Though receiving college credit is better than nothing for the majority of university students, this “working for no pay” business has its own price. The majority of students in this country are unable to afford the astronomical prices of higher education and therefore require not only hefty loans but also need to work on the side to afford necessities (things like food, rent, and utilities). College credit in place of wages ultimately does not lessen college spending, but does consume irretrievable time that could be spent at even a minimum wage position to assist with the piling bills.
Unpaid internships also pose an enormous burden to recent graduates who no longer receive loans but now must pay them back. Where do employers who don’t pay their workers expect this money to come from? Perhaps it’s a matter of little consequence to said employers, but student loans and their associated interest rates add up to quite a sum of money, especially for a person working up to forty hours a week…and earning absolutely nothing.
Over the past few decades, there has been relatively little stir over the continued exploitation of an unpaid workforce. However, the movement into the 21st century has inspired some interns to take a look at their jobs and question whether or not what they were doing was legal. In the case of Eric Glatt (former intern of Fox Searchlight during the production of Black Swan), it has been decided that no, in fact, the tasks he was assigned were the work of an entry-level professional, not the mindless coffee-fetching one often associates with internships of the past; “This culture of expecting to be able to get free labor if you slap the title ‘intern’ on it has become so pervasive that people don’t question whether it’s ethically wrong or legally acceptable.”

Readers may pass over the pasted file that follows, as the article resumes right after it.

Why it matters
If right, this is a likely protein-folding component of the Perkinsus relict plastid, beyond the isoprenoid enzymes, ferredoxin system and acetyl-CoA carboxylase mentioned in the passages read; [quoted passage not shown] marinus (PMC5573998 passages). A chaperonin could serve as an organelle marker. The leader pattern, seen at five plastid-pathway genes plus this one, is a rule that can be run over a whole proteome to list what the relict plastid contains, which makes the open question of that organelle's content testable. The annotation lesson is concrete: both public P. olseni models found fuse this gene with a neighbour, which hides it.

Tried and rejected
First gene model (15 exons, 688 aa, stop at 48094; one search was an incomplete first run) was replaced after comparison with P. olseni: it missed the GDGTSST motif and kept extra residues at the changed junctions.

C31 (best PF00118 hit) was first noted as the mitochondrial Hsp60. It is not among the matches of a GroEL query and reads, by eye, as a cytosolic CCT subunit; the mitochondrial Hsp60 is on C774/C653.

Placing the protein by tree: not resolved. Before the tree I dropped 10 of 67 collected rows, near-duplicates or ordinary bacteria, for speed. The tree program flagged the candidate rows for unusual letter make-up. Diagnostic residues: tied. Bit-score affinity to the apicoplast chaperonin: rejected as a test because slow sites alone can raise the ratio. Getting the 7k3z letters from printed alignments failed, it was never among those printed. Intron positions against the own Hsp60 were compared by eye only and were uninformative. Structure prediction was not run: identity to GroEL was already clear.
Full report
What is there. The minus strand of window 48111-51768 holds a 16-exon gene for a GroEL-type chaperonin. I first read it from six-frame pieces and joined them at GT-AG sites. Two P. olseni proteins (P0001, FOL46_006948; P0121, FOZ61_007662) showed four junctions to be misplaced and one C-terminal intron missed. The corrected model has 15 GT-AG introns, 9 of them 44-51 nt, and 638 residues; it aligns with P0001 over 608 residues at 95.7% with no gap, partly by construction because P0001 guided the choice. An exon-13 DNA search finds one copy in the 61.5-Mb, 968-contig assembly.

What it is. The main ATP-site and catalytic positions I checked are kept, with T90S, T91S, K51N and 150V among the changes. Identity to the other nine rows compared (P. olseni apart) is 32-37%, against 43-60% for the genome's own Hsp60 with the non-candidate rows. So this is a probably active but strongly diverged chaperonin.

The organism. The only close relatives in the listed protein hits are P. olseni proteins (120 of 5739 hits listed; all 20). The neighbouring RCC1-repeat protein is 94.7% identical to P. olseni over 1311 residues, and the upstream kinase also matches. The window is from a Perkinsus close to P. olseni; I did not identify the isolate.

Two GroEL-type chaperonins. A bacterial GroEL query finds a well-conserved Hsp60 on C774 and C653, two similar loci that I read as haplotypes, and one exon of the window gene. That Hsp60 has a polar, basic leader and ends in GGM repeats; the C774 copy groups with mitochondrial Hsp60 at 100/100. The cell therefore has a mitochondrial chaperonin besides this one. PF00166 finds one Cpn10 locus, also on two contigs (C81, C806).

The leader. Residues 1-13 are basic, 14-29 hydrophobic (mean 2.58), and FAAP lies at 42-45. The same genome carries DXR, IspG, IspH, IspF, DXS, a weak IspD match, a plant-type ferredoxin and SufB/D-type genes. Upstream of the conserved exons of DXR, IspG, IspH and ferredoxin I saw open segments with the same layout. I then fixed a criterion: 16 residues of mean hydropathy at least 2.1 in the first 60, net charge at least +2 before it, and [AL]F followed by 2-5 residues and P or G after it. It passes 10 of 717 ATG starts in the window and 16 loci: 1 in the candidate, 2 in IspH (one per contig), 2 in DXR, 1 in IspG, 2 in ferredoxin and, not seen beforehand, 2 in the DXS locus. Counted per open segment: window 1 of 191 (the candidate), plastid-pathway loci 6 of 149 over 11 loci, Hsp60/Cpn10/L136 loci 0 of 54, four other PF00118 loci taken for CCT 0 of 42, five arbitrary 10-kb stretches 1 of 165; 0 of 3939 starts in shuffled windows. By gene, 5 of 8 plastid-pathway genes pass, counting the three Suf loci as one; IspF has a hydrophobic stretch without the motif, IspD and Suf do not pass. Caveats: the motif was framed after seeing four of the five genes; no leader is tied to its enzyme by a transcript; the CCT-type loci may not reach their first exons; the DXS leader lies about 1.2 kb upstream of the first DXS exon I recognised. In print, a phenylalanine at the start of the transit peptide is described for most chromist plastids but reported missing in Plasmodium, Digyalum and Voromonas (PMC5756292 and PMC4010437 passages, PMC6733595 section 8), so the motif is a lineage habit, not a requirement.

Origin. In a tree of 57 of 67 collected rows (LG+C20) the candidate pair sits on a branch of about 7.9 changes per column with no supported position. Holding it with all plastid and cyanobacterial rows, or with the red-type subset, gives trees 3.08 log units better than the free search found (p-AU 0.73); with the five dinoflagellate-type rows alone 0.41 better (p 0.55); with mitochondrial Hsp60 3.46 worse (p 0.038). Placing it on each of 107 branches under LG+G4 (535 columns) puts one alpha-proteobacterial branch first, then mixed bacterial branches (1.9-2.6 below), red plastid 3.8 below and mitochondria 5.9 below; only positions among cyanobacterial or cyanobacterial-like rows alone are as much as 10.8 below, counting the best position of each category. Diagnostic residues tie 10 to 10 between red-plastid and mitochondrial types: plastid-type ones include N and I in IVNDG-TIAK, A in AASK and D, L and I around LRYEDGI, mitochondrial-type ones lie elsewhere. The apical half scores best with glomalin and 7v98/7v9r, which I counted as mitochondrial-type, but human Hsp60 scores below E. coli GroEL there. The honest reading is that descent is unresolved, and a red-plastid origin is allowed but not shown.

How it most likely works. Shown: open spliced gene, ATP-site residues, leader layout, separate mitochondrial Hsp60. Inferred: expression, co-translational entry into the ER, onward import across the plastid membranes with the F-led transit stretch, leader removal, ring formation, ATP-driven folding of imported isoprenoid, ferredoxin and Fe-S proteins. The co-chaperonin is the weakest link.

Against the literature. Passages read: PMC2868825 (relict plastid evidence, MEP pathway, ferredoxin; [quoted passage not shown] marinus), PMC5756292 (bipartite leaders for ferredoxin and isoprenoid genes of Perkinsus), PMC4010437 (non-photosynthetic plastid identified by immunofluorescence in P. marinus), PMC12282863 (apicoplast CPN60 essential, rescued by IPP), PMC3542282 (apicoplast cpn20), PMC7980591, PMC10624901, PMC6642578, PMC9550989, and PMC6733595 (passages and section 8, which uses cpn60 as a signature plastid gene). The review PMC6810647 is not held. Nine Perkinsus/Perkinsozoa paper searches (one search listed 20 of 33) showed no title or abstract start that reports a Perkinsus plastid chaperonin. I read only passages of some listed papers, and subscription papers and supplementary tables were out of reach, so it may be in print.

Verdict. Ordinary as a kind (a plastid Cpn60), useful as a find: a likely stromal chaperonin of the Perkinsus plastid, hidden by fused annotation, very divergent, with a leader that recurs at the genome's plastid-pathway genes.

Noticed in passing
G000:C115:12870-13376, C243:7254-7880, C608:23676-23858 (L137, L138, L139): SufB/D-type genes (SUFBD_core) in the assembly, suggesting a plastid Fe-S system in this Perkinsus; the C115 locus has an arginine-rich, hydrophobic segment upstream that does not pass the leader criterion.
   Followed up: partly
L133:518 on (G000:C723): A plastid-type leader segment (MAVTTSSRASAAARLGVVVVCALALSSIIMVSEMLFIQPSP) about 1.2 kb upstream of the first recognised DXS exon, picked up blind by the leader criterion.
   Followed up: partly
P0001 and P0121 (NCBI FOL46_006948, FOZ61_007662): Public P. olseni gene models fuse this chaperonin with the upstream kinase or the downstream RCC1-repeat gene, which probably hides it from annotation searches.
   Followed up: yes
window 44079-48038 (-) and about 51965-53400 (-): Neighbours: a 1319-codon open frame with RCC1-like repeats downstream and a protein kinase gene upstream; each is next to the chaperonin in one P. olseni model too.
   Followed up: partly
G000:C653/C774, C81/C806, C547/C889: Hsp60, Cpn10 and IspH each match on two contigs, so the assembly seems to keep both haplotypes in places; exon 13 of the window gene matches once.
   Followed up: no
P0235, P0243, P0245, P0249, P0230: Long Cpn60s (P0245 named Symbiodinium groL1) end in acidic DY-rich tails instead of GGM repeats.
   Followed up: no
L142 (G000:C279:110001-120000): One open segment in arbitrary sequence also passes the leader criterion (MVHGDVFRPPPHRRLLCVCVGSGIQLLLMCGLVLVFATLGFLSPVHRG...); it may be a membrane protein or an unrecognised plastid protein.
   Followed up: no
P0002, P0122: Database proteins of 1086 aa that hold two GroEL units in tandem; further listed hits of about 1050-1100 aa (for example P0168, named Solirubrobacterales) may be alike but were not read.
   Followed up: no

Glatt’s lawsuit is far from unique in its accusations against a former employer, but there is a great deal of hesitancy from interns about the prospect of coming forward with their experiences; often, the payouts from these cases (even in the case of a victory) are relatively small, and especially in the cases of denied claims, the intern loses marketability and risks ostracization from his or her desired field.
More often than not, interns of all income levels are expected to perform the tasks of full-time employees but are regarded as worthy of less or no compensation. Promises of college credit and job experience are empty; college credit costs interns both money and time, and dangling the carrot of “resume fodder” is ridiculous—an intern could put a given work experience on their resume just as easily if he or she were paid for their labor.
The takeaway message: potential interns must decide for themselves whether their time and skill is worthy of pay (note that if a company is willing to associate their name with your work, then it is certainly worth enough for said company to pay for said work). What do you think? Let us know in the comments below!
*eNotes is an equal-opportunity employer. Writing as an intern for this company, I will verify that eNotes pays its interns a fair wage.